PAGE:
Leanna J Standish
Some Notes on
Leanna J. Standish, N.D., Ph.D., Dipl.Ac.
In February 2003, the Institute of Medicine (IOM) announced that it was assembling a committee to identify major scientific and policy issues in "complementary and alternative medicine" ("CAM") research, regulation, training, credentialing and "integration with conventional medicine." As part of this process, it posted the names of 15 appointees and asked for public comment about their suitability. I replied by challenging nine of the proposed members. Here are IOM's biographical sketch of Leanna Standish and the comments I submitted. After the comment period ended, she was dropped from the proposed committee.
IOM Description (February 2003): Leanna Standish is Senior Research Scientist, former Director of the Bastyr University Research Institute from 1987-2001, AIDS Research Center Principal Investigator and Director of the Bastyr Hepatitis C Clinic. She is a licensed naturopathic physician and acupuncturist with a 25-year career as a research scientist in experimental neuroscience with numerous publications. Her clinical practice specializes in cancer, AIDS, Hepatitis C and neurological diseases. Prior to her work in natural medicine research and naturopathic medical practice, she served for two years as Visiting Scientist and Senior Fellow at the University of Washington?s Department of Physiology and Biophysics. Dr. Standish also directs the Breast Cancer Research Program at Bastyr University and was appointed as a member of the Advisory Council for NIH?s National Center for Complementary and Alternative Medicine 1999-2001, and has served on the NCI Cancer Advisory Panel for Complementary and Alternative Medicine. Currently she is principal investigator on several NIH/NCCAM funded research projects in the areas of HIV/AIDS and basic neurophysiological research on mind/body interaction. In September 2000, she was named by Seattle Magazine as one of Seattle?s Top Doctors. Dr. Standish teaches a course within the Spirituality, Health and Medicine program at Bastyr University that focuses on scientific evidence from physicians and biology that addresses some of the propositions emerging out of modern spiritual disciples. Her scholarly interests include philosophy, biology, consciousness science, and medicine.
My Comments (Posted on February 23, 2003)
- Naturopathic theory and practice are not based upon the body of basic knowledge related to health, disease, and health care which has been widely accepted by the scientific community. Naturopaths assert that diseases are the body's effort to purify itself, and that cures result from increasing the patient's "vital force." They claim to stimulate the body's natural healing processes by ridding it of waste products and toxins ("detoxification").
- Standish is lead author of the 20-page chapter on HIV/AIDS in the second (1999) edition of the Textbook of Natural Medicine (naturopathy's leading textbook). Its recommended treatment includes beta carotene 150,000 IU/day; vitamin C 6000 mg/day; vitamin E 400 IV/day; cod liver oil 1 tablespoon/day; multivitamin and mineral supplement twice a day; colloidal silver; and a huge list of other questionable products. The recommended dosage of vitamin C can cause severe diarrhea. The FDA has declared [../../01QuackeryRelatedTopics/PhonyAds/silverad.html colloidal silver] useless for any medicinal purpose. The recommendations also include dozens of worthless homeopathic products, including "homeopathic marijuana, cocaine, amphetamines, LSD, heroin, amyl nitrate, etc."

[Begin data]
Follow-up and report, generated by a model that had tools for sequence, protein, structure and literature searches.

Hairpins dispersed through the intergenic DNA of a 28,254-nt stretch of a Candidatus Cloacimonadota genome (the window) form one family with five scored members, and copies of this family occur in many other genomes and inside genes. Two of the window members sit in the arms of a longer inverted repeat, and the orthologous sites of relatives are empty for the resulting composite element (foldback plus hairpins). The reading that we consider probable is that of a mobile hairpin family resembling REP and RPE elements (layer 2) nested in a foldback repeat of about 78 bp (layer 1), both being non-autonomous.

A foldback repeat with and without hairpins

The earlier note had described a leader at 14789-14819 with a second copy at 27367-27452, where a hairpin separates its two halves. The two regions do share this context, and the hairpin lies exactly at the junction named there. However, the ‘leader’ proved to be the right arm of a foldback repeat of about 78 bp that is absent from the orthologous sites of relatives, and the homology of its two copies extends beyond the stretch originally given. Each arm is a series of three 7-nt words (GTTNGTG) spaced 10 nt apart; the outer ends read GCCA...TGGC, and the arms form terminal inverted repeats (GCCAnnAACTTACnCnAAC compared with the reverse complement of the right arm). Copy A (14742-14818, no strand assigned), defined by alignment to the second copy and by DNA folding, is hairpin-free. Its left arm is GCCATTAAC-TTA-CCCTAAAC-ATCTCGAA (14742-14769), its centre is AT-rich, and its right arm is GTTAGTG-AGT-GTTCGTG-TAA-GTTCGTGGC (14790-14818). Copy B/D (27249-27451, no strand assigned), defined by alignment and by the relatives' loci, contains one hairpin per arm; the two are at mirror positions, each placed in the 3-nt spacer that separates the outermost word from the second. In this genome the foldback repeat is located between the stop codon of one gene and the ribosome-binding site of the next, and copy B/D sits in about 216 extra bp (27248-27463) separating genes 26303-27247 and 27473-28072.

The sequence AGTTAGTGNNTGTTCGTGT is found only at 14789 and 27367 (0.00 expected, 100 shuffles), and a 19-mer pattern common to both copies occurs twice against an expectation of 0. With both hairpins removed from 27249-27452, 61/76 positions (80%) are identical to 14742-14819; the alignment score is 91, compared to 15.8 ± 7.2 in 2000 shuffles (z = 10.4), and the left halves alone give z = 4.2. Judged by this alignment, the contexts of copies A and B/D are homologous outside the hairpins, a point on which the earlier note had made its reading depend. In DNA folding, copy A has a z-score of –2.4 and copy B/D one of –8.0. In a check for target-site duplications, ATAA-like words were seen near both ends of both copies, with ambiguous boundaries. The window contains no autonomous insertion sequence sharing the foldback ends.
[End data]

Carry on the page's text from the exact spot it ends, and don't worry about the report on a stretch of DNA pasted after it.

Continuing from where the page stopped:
- The chapter notes that no randomized clinical trial had addressed whether naturopathic care provides any benefit to people with HIV infections. It also states that preliminary data on 500 patients from Bastyr's own research "indicate that HIV+ men and women who use complementary and alternative medicine exclusively do not fare as well over 6 months as those who use both conventional drug therapy and complementary and alternative medicine." But that doesn't stop Standish and her colleagues from recommending more than a hundred irrational products. Moreover, even though chapter concludes that "it is currently unclear as to whether naturopathic or other kinds of 'holistic care' produce similar, poorer or superior outcomes to standard conventional therapy," the chapter's first page maintains that naturopathy's treatment principles "should guide the physician in assisting patients in optimizing their health, slowing disease progression, improving quality of life, and possibly improving immune function."
- Standish's current research includes a study whose aim is demonstrate that one person's brain can influence the EEG findings of a person who is about 45 feet away. She apparently believes that "distant healing" is possible through brain-to-brain "neural energy transmission."
- Standish may strike people as very bright and knowledgeable. But her involvement with so many irrational health practices should make her ineligible for an IOM "expert" committee.
This article was revised on January 15, 2005.